43. 43. Freire, from Brazil, was considered to be one of the greatest thinkers on education this century (Mayo, 1999). His ‗pedagogy of the oppressed‘ program increased literacy allowing people to become eligible to vote. Thus he became a threat to the status quo and was subsequently arrested and deported. He eventually returned to Brazil to continue his work and writing in adult education. Gramsci, Freire, and to some extent Lindeman advocated transformative adult education, recognizing its political force for change. Freire‘s teaching methods included a process to facilitate authentic, critical dialogue to uncover social or political contradictions. Whereas funding for adult education was primarily for the purpose of upgrading vocational skills, Freire contended that educating is a political act and that one cannot deny the political aspect of education. In 1926, the American Association for Adult Education was founded to communicate in the field of adult education (Knowles, 1980). The association promoted both adult education and training and the two fields have become closely related. ―Training is concerned with the development and maintenance of competencies to perform specific roles by persons holding positions in existing systems…and education is concerned with the more general growth of the individual‖ (Griffin & McClusky, 1981, p. 97). The processes of learning in each is similar as are methods used in their implementation (Griffin, & McClusky, 1981). The ending of World War II and the passing of the GI Bill saw a large number of adults pursuing on-campus college degrees. Millions of young veterans took advantage of this educational opportunity and they demonstrated that older students were capable of success in higher education (Harrington, 1977). 25
  44. 44. During the 1950s, many professional organizations concerned with adult education were founded in the United States which brought about numerous publications, conferences, research and training programs. Adult education during this time was dominated by professional adult educators rather than intellectuals and social reformers (Cotton, 1968). The success of continuing professional education was the most dramatic change in postsecondary adult education after 1965. However, two-year community colleges were also established in large numbers to serve a primarily adult student body (Harrington, 1977). Adult education has since become more institutionalized as the fourth level of education (Cotton, 1968). There are three elements in the process for adult education (Knowles, 1986). The first element is the method or the organization of the prospective participants for purposes of education. The second element involves techniques: the variety of ways in which the learning task is managed so as to facilitate learning. The third and final element involves devices: all those particular things or conditions which are utilized to augment the techniques and make learning more certain. Overview of distance education Although distance education is often viewed as a recent development, correspondence courses were established as early as the 1870s (McVay, 2000). One of the origins of distance education in this country was the Chautauqua Literary and Scientific Circle that was established in 1878 as an integrated core program of adult education. The basic four-year curriculum leading to a diploma consisted of home reading in conjunction with reading circles. However, Chautauqua expanded to summer programs, traveling seminars, and it pioneered the development of correspondence 26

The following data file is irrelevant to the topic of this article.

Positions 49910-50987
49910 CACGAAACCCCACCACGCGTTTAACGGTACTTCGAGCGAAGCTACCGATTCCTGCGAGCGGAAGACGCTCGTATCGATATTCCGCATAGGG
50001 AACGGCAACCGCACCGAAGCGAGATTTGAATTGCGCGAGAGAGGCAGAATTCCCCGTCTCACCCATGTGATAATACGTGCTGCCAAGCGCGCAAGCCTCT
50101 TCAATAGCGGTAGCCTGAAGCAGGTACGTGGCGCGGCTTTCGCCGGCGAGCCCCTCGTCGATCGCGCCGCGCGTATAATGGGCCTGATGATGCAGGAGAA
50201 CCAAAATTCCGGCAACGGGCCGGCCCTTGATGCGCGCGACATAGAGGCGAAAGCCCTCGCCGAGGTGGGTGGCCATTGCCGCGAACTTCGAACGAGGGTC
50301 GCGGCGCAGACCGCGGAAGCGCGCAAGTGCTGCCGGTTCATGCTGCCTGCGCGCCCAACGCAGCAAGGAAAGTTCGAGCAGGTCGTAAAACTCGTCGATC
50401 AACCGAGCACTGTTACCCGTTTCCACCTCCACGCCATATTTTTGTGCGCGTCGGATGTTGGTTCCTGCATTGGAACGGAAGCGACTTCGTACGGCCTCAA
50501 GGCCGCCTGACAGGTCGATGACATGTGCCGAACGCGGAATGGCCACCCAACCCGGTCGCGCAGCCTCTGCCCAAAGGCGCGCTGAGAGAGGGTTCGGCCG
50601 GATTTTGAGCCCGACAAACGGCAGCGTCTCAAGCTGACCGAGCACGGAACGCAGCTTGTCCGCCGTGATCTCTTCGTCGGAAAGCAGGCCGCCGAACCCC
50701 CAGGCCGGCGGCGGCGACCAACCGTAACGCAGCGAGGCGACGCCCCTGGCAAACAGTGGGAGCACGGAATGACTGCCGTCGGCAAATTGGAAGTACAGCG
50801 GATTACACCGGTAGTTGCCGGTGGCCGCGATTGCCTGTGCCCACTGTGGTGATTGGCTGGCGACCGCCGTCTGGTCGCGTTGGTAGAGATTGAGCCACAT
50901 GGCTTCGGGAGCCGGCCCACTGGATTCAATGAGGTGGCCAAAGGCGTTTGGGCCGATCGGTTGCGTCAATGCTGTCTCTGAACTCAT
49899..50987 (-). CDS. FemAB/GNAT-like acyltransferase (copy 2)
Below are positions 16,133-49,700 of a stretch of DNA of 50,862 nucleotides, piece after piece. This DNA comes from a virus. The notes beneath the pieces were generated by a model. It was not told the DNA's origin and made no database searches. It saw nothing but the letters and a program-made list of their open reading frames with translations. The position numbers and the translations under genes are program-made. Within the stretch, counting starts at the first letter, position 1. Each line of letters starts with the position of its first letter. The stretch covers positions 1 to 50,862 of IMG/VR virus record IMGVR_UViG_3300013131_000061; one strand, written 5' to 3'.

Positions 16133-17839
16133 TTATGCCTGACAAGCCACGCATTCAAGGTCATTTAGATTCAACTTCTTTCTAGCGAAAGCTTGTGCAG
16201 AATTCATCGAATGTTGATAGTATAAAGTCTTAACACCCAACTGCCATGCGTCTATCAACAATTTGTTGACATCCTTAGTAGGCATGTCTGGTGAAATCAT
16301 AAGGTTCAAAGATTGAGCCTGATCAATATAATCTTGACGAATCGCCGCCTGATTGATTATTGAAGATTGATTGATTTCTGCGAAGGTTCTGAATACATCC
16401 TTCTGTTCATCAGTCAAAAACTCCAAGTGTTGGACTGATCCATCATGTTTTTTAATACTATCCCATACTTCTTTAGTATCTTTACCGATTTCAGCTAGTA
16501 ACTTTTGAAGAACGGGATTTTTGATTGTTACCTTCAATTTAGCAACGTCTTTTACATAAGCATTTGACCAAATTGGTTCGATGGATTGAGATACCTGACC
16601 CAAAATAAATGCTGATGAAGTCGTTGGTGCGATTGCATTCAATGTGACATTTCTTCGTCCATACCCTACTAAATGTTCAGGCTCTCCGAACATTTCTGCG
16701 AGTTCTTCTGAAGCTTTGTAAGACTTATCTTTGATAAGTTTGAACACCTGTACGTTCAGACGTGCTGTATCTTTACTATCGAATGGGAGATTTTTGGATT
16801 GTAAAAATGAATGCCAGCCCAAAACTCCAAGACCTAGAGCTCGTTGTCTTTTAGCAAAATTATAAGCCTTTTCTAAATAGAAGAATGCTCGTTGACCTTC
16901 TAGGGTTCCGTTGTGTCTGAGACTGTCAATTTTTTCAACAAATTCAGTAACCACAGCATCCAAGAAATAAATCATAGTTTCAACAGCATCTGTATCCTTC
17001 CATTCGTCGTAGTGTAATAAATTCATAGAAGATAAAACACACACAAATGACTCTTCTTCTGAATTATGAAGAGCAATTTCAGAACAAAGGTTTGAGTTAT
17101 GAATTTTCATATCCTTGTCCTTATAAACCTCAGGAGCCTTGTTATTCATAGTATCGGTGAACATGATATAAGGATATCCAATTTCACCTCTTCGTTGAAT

45. 45. courses and university extension (Knowles, 1989). Then by 1882, the University of Chicago had established a home study program. By 1923 over ten percent of all radio stations were home based at educational institutions and delivered educational programming. The National Home Study Council, established in 1926, has delivered courses to over 55 million students. With the advent of electronic communications, distance education then took the form of audio recordings and radio. Television programming started delivering instruction in 1951 when the City Colleges of Chicago started offering credit courses on a large scale (McVay, 2000). Satellite broadcasts started in the 1980s (Research Institute for Studies in Education, 1994). Starting in the 1970s, through the 1980s and into the 1990s, computer-based instruction was used both for training and instruction with delivery on local area networks. Good courseware was expensive to produce with between 150 and 300 hours of development time for one hour of instruction. The large-scale use of computers in distance education started after the inception of the World Wide Web in 1992 (McVay, 2000). In 1971 the Open University of the United Kingdom was founded, offering university degrees by distance education. The University was innovative from its inception with sophisticated course offerings, extensive use of media, and a student body primarily consisting of adults who were employed and part-time students. The prestige of the Open University spurred the establishment of similar higher education institutions offering in industrialized countries offering their programs through distance education (Simonson, Smaldino, Albright, & Zvacedk, 2000). 27